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Sports 2018, 6(2), 41;

Understanding Adolescent–Parent Interpersonal Relationships in Youth Sports: A Mixed-Methods Study

Department of Theory of Sports, Lithuanian University of Educational Sciences, Vilnius 08106, Lithuania
Department of Family Medicine, University of Michigan, Ann Arbor, MI 48109, USA
Department of Health, Physical and Sports Education, Lithuanian Sports University, Kaunas 44221, Lithuania
Author to whom correspondence should be addressed.
Received: 21 February 2018 / Revised: 25 April 2018 / Accepted: 8 May 2018 / Published: 10 May 2018
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The purpose of this study was to examine the relationship between participation in youth sport and adolescent–parent attachment. A mixed-method explanatory sequential study design was applied. In the first phase, 648 adolescent athletes and non-athletes completed the Inventory of Parent and Peer Attachment–Revised (IPPA–R). In the second phase, 15 adolescent athletes took part in semi-structured interviews. In the first, quantitative phase, three factors were predictors of adolescents’ attachment to parents and peers: trust, communication, and alienation. In the qualitative follow-up, three themes emerged: adolescents’ attachment to the sport; adolescent–parent attachment; adolescents’ thoughts about parents. The analysis of the adolescent–parent interpersonal relationship revealed that athlete adolescents’ relations and attachment to parents compared to non-athlete adolescents are more intensively expressed in all scales: trust, communication and alienation. Interviews with adolescent athletes revealed that parent–adolescent interpersonal relationship and attachment to parents is more important at the early period of sporting life, and becomes less appreciable or unwelcome when children gain sporting experience. The study indicated that the form and degree of parental involvement in children’s sporting activities impacts the effectiveness of parent–athlete interpersonal relationships. The degree and the form of parental involvement in children’s sports chosen by the parents are not always appropriate and encouraging, and they are not always supportive of adolescents’ opinions. View Full-Text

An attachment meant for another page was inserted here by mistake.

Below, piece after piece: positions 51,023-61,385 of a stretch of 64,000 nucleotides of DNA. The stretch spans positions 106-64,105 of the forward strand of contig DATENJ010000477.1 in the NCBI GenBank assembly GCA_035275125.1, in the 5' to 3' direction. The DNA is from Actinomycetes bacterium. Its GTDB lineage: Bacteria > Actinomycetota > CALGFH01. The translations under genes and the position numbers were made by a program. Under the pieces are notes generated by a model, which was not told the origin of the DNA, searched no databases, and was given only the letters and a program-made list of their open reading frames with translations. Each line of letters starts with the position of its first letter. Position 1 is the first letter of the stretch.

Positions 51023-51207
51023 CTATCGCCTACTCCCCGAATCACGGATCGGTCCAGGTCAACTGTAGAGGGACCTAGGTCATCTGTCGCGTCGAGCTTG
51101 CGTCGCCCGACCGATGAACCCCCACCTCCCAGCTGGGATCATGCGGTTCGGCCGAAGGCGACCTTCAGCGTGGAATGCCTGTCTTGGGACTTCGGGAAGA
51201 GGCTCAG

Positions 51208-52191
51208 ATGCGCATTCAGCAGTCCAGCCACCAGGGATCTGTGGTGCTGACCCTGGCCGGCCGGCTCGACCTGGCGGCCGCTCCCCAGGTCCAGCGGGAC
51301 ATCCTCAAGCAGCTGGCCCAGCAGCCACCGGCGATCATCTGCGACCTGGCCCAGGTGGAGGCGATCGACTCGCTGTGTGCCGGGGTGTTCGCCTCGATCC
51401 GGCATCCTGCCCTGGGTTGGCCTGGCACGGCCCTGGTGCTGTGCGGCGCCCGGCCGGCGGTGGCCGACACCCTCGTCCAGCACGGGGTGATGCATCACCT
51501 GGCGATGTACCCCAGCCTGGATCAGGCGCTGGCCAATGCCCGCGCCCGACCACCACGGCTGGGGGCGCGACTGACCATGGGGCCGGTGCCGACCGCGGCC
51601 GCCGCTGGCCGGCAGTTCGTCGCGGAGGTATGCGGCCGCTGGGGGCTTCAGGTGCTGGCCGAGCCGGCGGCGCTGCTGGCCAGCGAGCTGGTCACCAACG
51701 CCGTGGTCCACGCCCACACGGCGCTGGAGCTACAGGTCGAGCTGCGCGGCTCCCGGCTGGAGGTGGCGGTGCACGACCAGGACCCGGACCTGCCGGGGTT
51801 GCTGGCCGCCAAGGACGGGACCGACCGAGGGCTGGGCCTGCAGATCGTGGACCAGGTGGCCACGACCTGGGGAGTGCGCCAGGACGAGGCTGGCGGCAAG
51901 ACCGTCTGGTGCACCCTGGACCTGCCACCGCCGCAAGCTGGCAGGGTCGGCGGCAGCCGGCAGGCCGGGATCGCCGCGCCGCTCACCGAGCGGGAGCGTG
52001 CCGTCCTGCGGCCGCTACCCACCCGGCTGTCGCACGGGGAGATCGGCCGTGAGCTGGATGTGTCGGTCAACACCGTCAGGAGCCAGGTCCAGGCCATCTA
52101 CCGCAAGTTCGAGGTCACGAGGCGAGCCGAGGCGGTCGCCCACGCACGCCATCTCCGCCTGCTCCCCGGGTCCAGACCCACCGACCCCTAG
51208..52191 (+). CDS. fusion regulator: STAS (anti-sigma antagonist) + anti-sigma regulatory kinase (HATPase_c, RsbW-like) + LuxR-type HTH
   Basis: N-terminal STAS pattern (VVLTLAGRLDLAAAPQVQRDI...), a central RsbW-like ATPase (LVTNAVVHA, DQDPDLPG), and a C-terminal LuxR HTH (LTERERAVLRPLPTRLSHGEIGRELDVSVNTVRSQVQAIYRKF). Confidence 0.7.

Keywords: youth sport; parents; adolescents; mixed-methods study youth sport; parents; adolescents; mixed-methods study

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Lisinskiene, A.; Guetterman, T.; Sukys, S. Understanding Adolescent–Parent Interpersonal Relationships in Youth Sports: A Mixed-Methods Study. Sports 2018, 6, 41.

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